The battery at this site consists of 2 sets of 10-head stamps, which were relocated from Tasmania’s west coast in the 1930’s and powered by a Gardener diesel motor till the mine closed in 1950. This is an easy 10-15 minute walk.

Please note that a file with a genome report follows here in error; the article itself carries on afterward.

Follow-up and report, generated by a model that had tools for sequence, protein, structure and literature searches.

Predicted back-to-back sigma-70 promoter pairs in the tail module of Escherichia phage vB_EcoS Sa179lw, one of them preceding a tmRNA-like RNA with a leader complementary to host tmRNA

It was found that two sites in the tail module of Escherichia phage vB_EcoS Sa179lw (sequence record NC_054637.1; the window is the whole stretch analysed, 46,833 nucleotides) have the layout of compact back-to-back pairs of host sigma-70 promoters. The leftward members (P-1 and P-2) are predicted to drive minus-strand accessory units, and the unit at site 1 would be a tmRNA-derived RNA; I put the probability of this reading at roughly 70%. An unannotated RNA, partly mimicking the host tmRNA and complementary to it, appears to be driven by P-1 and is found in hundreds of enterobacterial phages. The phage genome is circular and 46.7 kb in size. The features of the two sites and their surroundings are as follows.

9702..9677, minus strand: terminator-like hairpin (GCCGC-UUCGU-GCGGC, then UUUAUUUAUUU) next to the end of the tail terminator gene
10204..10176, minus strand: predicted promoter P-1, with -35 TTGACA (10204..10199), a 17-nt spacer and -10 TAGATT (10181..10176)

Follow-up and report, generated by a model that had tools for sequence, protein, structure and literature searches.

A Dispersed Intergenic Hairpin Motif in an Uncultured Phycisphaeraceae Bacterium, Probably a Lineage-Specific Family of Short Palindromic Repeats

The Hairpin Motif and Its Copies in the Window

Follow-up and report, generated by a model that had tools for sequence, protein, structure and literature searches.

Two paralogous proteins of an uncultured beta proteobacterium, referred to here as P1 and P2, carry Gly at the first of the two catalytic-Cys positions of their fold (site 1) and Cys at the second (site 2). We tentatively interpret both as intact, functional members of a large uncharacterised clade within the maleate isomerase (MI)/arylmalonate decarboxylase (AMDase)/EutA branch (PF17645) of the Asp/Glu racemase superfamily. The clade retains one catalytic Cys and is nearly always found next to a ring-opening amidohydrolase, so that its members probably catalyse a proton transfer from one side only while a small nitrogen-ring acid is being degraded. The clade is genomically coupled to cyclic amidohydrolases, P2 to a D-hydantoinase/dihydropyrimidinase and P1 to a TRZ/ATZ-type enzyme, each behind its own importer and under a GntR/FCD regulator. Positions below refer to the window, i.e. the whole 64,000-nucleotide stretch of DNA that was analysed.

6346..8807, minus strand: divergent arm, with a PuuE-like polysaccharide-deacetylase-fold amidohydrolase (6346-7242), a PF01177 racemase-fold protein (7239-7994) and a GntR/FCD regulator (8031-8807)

Allow a minimum of two hours for this activity. 40 mins drive each way, 20 minute walk, then you can visit the Holy Cow restaurant for an icecream and to taste award-winning cheddar! How to get there: From Tin Dragon Trail Cottages turn right onto the Tasman Highway (A3). Drive up over the hill out of Branxholm. Continue along the Tasman Highway through Derby, Moorina to Weldborough (26 Km). From Welborough you can continue on the A3 past the Little Plains Lookout (6.8 km from Welborough). Continue on the A3 to the Anchor road turnoff (17 km from Welborough, A3). Less than 1 km along the Anchor Rd is a turn-off to the right to the Halls Falls car park then another 4 km further along the Anchor Road is a small car park for the Anchor Stamper’s – a short 10 min walk. It is signposted. The Anchor Road is a well maintained gravel road suitable for the family sedan car. Izumi Toyohara at the entrance to the walk Feb 2014. A part of the track was washed out by a bursting dam a few years ago. And the track is no longer maintained. So take care if you choose this walk. It is probably not a good idea to attempt the walk after or during heavy rain! However we have been in to the stampers several times in the last 6 months (2013-14). Remember to be careful because you walk at your own risk. The waterwheel (recorded as the largest in Tasmania) was an estimated 20m in diameter, 1.34m wide and weighing 100 tonnes, and was used to power a 40-head stamper battery. Many streams and water races were needed to provide water – 10 tonnes of water was required to drive one revolution of the wheel. However, an inadequate supply of water meant that only about 30 of the 40 stampers could be used. The mine closed and was sold two years later. The battery at this site consists of 2 sets of 10-head stamps, which were relocated from Tasmania’s west coast in the 1930’s and powered by a Gardener diesel motor till the mine closed in 1950. The Anchor Tin Mine Stampers (1930). The original stampers were driven by Tasmania’s largest waterwheel. Following the discovery of alluvial tin in the Groom River during 1880, Arthur Hodge and James Robinson worked the original Anchor leases on “tribute”. The tribute system involved a selfemployed miner agreeing to share the profits of his labour with a mine manager in return for the use of the mine property. The Anchor Mine Mining Co NL was floated on the Hobart stock exchange in September 1882. Alluvial mining was replaced by open-cut lode mining using capital raised from the float to open two faces into the steep hillside as well as erecting a crushing and concentrating plant and installing the famous water wheel. However the mine closed two years later. There were many further attempts to re-open the mine, with the final chapter in January 1989 when the New Zealand based Spectrum Resources re-opened the mine; but after only two years of operation and expenditure of around $7 million the mine was closed. In 1994 Mancala Pty Ltd acquired the mine, producing tin till 1996, when the mine was again closed. In 2007 after heavy rain a dam built for the mine collapsed and washed away a section of the walking track. The wash-out is spectacular and indicates the level of force behind the escaping water! Most lode tin mines had a crushing battery to reduce the ore to fine particles ready for further extraction treatment. In the 1880’s the Anchor Mine had an enormous crushing battery of 100 stamps. This type of crushing machinery was called a gravity stamp, because the engine lifted a series of heavy iron rods and let them drop onto the ore in the mortar box so that gravity did the work of crushing the stone. When the stone particles were small enough they splashed out through a screen and went to a shaking table known as a Wilfley table. Gravity stamps were not very efficient, but were popular in the Australian bush because they were simple, strong and easy to maintain. The Grub Shaft mine museum in Beaconsfield (www.beaconsfieldheritage.com.au) has a working display of an old water wheel and stamper battery, which was reconstructed from parts obtained in the Blue Tiers.